About the author:
Elena V. Haltrin-Khalturina, DSc in Philology (RF), PhD in English (USA), Leading Research Fellow, A.M. Gorky Institute of World Literature of the Russian Academy of Sciences, Povarskaya 25 a, 121069 Moscow, Russia.
ORCID ID: https://orcid.org/0000-0003-2205-9444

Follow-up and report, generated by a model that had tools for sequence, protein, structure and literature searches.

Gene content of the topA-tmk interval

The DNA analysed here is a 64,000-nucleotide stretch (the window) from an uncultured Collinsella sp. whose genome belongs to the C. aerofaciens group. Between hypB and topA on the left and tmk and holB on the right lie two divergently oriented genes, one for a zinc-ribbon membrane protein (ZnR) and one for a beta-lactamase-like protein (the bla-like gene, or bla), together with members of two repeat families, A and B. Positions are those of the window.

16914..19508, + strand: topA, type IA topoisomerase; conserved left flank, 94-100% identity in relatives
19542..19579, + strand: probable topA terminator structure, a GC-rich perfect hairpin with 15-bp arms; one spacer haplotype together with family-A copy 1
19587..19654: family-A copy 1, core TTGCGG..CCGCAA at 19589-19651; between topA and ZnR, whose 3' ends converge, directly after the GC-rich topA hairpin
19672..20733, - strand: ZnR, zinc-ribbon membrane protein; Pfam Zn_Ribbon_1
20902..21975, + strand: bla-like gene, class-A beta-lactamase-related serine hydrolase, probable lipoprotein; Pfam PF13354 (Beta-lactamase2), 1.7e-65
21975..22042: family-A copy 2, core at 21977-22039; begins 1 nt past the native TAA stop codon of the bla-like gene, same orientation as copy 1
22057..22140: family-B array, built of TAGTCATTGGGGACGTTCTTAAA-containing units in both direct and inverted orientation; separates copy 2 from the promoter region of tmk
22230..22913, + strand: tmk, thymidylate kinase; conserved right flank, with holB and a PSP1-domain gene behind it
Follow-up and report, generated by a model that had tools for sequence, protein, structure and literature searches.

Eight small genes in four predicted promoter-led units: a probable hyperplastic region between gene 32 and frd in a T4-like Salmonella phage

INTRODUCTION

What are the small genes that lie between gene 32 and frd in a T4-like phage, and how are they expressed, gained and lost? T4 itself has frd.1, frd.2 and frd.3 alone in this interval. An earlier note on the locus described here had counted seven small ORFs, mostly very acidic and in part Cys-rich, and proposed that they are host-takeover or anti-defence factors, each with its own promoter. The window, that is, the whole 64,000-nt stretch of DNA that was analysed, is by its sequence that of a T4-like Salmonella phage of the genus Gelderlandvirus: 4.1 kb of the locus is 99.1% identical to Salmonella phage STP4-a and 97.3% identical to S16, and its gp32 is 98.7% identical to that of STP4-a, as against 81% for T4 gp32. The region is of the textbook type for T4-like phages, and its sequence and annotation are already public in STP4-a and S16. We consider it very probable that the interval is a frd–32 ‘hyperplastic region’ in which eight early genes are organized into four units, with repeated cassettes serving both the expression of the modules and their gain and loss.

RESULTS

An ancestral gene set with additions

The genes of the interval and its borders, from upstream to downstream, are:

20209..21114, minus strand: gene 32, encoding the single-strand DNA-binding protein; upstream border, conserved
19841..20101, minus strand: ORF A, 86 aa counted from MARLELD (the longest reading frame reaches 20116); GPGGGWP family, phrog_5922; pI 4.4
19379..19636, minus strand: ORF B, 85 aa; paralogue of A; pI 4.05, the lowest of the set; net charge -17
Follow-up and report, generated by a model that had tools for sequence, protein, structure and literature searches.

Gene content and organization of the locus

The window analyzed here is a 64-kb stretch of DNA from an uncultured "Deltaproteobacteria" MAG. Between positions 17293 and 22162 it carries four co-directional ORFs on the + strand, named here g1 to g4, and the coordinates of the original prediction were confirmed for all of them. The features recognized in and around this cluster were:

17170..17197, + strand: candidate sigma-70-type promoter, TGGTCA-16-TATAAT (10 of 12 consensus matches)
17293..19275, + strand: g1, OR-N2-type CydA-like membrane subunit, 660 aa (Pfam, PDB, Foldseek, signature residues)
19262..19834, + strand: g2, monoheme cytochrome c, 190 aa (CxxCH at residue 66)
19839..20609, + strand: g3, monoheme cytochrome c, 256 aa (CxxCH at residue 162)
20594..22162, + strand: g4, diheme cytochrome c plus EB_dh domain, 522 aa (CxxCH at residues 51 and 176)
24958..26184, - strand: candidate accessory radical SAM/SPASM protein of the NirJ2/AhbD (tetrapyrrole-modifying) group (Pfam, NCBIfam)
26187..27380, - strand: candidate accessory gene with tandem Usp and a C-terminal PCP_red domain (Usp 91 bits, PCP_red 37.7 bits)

A survey of academic histories of literature published in the 19th and 20th centuries in different countries reveals that, while thoroughly covering the English Renaissance poetics, the scholarship allows for a variety of views on Tudor literary theory and on what constitutes literary canon. Considering this variety of views, we also have to be aware of two different perspectives on the large body of literary art of the 16th-century: the present-day and the Elizabethan. Drawing on a substantial number of sources, we offer a general account of influential theoretical (poetological and rhetorical) works known in the 16th-century Great Britain, including those written in English. Also of note are educational treatises, “mirror” literature, and metaliterary comments withing literary works. Authors of those treatises used to interpret fiction as something feigned, counterfeit — an attitude informing ludic passages in Spenser and Shakespeare. Whereas the techniques of fashioning fictions by way of employing figures of feigned/counterfeit representation were addressed in detail by such critics as R. Sherry and G. Puttenham, the poets — Spenser and Shakespeare — seemed to be testing these techniques in practice. Our study pays particular attention to methods used by Spenser and Shakespeare when creating simulated, fictional reality.